Elizabethhatchett 2 years, 7 months ago

I do not understand why many of you do not use your real names when making comments. It seems to me your reliability would be considered.

just_another_bozo_on_this_bus 2 years, 7 months ago

I'm more interested in substantive comments about the value of the project (and the process behind it) than I am in your or anyone else's real name.

BTW, how do we know that your real name is Elisabe Thhachett?

Bob Forer 2 years, 7 months ago

Somebody like you with a postgraduate degree should understand that words speak for themselves. For instance, even though you may be the person you claim to be, I didn't take your comment seriously, considering you signed up specifically to make this comment.

Don't you have anything better to do than shill for the millionaire developers. By identifying yourself, are you hoping they will throw you a bone?

just_another_bozo_on_this_bus 2 years, 7 months ago

“I know the vision of this facility scares some people,” Dever said. “It is a large project. But I think the city is in as good a position as it can possibly be to take on this project.”


It's not the project that's "scary," it's the smoke-filled-room process that has been followed to cram this down the city's throat.

Put it to a vote, and make your case to voters, Dever.

KiferGhost 2 years, 7 months ago

It is clear they know they can't. Fast track it is their answer.

Jim Fisher 2 years, 7 months ago

I think the project is kinda going through a "dream phase" where people imagine how much they can get the public to accept. In phase 1. I disagree with using the facility to take some of the street events out of downtown. Most everyone gets some benefit from those events, and we don't have to pay double sales tax to help support "private" enterprise

Phil Minkin 2 years, 7 months ago

" Jana Dawson, a member of the city’s parks and recreation advisory board, said it would cost the city more money to build a recreation center on property the city already owns near Wakarusa and Overland Drive in northwest Lawrence." As Chad points out, this is disingenuous, and a distortion of the truth. When city officials and employees begin a concerted effort to cloud and mislead the public it is time to slow down.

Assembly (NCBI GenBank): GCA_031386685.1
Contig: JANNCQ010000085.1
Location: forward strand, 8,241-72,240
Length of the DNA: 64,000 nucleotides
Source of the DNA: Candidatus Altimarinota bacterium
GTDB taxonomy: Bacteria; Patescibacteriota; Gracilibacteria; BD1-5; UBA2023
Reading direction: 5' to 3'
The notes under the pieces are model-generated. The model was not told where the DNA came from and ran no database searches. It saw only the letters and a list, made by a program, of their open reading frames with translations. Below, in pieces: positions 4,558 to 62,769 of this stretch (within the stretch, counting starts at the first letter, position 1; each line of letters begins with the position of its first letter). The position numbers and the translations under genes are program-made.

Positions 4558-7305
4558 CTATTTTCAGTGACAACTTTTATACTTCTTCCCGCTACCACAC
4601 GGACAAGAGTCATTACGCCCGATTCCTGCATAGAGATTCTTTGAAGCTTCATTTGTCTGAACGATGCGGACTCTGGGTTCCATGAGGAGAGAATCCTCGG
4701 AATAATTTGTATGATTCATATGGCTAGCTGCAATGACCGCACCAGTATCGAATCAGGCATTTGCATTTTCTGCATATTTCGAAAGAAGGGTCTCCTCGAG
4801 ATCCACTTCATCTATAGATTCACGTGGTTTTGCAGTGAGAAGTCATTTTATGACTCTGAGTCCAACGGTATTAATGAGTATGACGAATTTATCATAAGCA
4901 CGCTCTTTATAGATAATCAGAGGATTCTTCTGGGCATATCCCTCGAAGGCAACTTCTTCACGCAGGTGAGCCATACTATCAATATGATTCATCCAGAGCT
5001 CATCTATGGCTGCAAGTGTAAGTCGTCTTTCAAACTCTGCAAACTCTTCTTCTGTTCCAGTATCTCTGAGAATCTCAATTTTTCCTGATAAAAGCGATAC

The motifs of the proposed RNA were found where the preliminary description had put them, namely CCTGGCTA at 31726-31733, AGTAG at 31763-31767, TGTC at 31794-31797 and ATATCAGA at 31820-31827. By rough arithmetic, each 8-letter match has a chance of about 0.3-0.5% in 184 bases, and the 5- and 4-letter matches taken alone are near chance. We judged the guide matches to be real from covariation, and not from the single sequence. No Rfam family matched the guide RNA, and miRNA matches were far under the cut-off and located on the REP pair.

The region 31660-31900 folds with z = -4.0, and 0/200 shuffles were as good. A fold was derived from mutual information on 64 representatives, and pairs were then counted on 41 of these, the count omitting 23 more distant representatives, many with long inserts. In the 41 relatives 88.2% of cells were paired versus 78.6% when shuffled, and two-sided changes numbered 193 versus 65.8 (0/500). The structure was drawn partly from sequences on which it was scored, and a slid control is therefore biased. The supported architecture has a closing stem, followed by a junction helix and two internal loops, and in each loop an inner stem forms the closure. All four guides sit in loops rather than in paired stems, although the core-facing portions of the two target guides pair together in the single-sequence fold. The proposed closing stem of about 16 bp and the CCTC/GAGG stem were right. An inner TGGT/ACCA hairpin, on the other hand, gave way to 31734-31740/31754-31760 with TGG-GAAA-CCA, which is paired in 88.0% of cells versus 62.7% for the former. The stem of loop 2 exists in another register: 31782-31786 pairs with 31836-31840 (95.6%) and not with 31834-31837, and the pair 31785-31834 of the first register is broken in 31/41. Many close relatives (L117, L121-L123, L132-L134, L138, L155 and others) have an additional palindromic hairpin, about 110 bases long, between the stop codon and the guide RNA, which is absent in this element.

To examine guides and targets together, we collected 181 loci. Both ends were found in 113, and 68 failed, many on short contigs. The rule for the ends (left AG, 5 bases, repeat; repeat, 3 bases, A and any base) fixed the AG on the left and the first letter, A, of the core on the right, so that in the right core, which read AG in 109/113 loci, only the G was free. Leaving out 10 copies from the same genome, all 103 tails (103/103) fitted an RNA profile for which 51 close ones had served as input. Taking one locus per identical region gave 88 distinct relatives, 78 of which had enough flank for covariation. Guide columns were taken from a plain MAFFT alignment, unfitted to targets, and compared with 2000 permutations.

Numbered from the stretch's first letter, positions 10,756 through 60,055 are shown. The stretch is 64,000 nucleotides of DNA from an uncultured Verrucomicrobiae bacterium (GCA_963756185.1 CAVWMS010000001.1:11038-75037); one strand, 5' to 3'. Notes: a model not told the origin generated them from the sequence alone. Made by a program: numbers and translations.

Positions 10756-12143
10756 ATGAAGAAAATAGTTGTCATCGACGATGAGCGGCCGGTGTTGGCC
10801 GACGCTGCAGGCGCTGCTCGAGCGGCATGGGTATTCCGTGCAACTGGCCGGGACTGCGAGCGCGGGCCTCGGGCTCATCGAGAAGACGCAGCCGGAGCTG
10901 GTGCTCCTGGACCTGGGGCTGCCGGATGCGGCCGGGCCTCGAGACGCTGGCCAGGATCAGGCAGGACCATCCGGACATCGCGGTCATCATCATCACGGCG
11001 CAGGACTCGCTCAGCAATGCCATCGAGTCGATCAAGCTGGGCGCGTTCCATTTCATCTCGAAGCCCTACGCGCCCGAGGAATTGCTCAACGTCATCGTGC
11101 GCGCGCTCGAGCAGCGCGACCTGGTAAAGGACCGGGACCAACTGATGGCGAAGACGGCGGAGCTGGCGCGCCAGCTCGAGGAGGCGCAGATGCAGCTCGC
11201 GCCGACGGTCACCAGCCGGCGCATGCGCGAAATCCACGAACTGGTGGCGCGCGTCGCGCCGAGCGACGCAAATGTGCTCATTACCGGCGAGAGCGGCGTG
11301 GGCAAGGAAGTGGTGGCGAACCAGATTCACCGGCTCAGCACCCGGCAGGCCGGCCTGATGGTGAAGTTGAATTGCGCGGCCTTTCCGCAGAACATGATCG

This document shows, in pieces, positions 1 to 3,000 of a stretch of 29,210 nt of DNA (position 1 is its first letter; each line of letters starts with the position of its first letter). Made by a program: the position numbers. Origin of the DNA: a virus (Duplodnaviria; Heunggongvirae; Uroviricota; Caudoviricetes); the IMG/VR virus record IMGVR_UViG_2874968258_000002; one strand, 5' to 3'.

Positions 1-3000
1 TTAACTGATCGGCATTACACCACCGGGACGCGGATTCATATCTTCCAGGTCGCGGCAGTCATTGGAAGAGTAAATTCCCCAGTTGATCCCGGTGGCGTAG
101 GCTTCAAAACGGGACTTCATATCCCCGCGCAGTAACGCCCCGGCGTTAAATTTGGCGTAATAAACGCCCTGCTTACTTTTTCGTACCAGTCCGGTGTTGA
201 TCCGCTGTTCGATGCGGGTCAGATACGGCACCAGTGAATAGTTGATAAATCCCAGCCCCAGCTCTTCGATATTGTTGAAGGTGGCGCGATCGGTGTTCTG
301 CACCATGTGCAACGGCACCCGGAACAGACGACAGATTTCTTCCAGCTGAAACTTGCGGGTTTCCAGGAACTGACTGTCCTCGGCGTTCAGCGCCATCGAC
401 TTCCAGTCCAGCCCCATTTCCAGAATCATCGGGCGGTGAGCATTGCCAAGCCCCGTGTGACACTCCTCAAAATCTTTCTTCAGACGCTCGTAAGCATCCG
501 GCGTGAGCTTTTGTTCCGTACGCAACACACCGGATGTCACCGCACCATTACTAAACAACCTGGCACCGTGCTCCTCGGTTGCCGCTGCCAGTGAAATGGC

just_another_bozo_on_this_bus 2 years, 7 months ago

A member of the upper echelons of Parks and Rec has a vested interest in being disingenuous if it'll get them a fancy new toy to play with.

just_another_bozo_on_this_bus 2 years, 7 months ago

Why don't these blogs show up on the discussions/forums page?

Lawrence Morgan 2 years, 7 months ago

Blogs should appear on the front page, like they used to!

Joe Hyde 2 years, 7 months ago

How can supporters claim that this project is good for the city of Lawrence? KU Endowment Assn. is the project's original instigator, but KUEU will not be locked into paying the bulk of the project's cost. Lawrence taxpayers will.

As for the project's cost, how can supporters claim its pricetag represents a fantastic deal for the city? There's no hard data to back up this claim. What we have instead is KUEA frantically trying to push the cost of this project onto the local tax base while simultaneously insisting that the city must bar itself from exercising the conventional practice of competitive bidding common to major public projects? Have these people lost contact with reality?

This project reeks of scandal, to the point of qualifying as a criminal enterprise. You do not authorize the expenditure of $25 million in taxpayer money based on the poisonous combination of secret agreements and no-bid construction contracts.

Richard Heckler 2 years, 7 months ago

Do you think there should be a citywide vote on a new rec center?

http://www2.ljworld.com/polls/2013/jan/do-you-think-there-should-be-city-wide-vote-creati/

interesting yet not surprising results thus far.

Richard Heckler 2 years, 7 months ago

Tax increasing growth has been rightly blamed for many things: destroying green space, increasing air and water pollution, fracturing our neighborhoods ,closing neighborhood schools and ignoring the taxpayers desire for a walking/cycling friendly community.

But there is one consequence that usually goes unmentioned. Developers and their tax increasing business unfriendly growth plans are draining our pocketbooks and raising our taxes.

Higher city taxes/user fees is the direct result of over 30 years of subsidies paid for by the local taxpayers. These range from the obvious to the obscure and include big projects. Such as billions we spend on new roads, water/sewer lines,traffic lights as well as the quite generous ones like the wide variety of tax incentives that support local developers in their quest to further over build Lawrence,Kansas.